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Article |

Enhanced Sensitivity of Pituitary βEndorphin to Ethanol in Subjects at High Risk of Alcoholism

Christina Gianoulakis, PhD; Brinda Krishnan, MD; Joseph Thavundayil, MD
Arch Gen Psychiatry. 1996;53(3):250-257. doi:10.1001/archpsyc.1996.01830030072011.
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Background:  Previous studies have demonstrated that a moderate dose of ethanol induced a significant increase in the plasma β-endorphin content of subjects from families with a history of alcoholism (high risk [HR]), but not of subjects from families without a history of alcoholism (low risk [LR). The objective of this study was to examine the response of the pituitary β-endorphin and adrenal cortisol systems to various concentrations of ethanol in male and female subjects at high and low risk of the future development of alcoholism.

Methods:  All subjects participated in four experimental sessions. In each session the subjects were given a drink containing one of the following doses of ethanol: O, 0.25, 0.50, and 0.75 g of ethanol per kilogram of body weight (for a 60- to 70-kg individual). Blood samples were taken at 0 minutes and at 15, 45, 120, and 180 minutes after the drink for estimation of the blood alcohol, plasma β-endorphin, and plasma cortisol levels.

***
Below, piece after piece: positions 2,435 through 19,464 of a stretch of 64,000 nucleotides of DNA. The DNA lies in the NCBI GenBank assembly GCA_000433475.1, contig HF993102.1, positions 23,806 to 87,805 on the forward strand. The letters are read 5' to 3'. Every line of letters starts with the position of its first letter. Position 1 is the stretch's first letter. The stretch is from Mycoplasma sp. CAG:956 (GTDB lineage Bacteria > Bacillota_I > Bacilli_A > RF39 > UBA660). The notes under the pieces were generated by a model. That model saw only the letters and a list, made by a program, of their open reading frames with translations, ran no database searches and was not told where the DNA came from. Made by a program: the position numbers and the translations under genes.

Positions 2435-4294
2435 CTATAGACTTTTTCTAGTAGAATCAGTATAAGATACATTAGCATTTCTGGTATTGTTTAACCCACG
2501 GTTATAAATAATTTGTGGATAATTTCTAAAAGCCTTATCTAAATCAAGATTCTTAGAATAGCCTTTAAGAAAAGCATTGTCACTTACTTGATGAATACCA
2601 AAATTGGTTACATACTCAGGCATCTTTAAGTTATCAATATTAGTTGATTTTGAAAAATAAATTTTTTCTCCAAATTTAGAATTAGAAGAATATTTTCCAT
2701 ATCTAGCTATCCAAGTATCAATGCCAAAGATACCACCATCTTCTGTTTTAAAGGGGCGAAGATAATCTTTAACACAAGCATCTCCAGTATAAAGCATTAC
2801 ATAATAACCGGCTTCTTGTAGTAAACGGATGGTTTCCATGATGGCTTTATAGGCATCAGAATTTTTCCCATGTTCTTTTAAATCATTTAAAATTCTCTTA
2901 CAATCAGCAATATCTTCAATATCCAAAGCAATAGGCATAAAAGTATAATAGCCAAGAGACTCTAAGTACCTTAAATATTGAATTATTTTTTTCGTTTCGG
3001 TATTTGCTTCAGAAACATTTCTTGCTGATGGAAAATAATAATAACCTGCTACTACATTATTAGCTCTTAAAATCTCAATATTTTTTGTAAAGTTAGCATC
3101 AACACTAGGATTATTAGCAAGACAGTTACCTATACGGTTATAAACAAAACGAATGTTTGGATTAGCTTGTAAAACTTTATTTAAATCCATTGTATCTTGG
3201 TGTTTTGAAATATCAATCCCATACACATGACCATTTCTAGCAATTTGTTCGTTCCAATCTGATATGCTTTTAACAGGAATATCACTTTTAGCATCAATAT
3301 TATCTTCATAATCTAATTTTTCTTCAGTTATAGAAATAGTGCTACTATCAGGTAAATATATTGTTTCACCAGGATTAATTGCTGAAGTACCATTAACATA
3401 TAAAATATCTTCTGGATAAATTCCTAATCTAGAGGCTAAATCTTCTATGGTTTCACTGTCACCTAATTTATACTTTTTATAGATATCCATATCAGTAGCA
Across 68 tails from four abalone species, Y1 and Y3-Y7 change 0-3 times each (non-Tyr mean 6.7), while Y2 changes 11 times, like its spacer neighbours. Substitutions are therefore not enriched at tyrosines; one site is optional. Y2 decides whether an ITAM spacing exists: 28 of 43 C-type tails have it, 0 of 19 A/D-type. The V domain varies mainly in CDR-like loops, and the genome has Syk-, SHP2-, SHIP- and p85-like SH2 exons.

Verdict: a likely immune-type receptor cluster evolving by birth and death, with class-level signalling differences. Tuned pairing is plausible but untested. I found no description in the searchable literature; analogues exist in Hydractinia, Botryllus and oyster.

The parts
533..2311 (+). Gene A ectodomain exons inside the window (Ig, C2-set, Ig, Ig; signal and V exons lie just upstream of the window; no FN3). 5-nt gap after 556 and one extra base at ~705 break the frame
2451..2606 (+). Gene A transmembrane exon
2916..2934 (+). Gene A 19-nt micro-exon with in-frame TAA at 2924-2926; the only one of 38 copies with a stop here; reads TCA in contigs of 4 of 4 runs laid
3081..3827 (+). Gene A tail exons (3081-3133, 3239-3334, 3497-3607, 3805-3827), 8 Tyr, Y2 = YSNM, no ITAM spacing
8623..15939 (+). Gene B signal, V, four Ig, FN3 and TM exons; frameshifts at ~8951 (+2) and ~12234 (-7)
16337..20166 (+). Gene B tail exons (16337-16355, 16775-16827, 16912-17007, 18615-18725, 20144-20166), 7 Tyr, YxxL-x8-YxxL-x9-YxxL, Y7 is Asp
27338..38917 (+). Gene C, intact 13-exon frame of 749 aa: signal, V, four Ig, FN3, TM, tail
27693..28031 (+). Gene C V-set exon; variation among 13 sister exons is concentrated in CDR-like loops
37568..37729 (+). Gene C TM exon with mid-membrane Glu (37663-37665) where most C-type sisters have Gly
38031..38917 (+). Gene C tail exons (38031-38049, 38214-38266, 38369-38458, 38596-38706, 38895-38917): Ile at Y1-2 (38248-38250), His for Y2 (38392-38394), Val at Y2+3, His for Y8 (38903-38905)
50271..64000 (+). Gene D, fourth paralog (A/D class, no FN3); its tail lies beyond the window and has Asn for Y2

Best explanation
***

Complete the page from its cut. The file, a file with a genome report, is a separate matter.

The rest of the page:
Results:  The concentration of alcohol in the blood at various intervals after the drink was similar among the subjects, regardless of the risk group. Ethanol increased the plasma level of β-endorphin-related peptides of the HR but not of the LR subjects in a dose-dependent manner. All subjects showed a small decrease in plasma cortisol level with time, but ethanol ingestion did not significantly alter the plasma cortisol levels.

Conclusion:  This study indicates that the pituitary β-endorphin system, but not the adrenal cortisol system, of the HR subjects shows an enhanced sensitivity to ethanol, which may be an important factor in controlling ethanol consumption.

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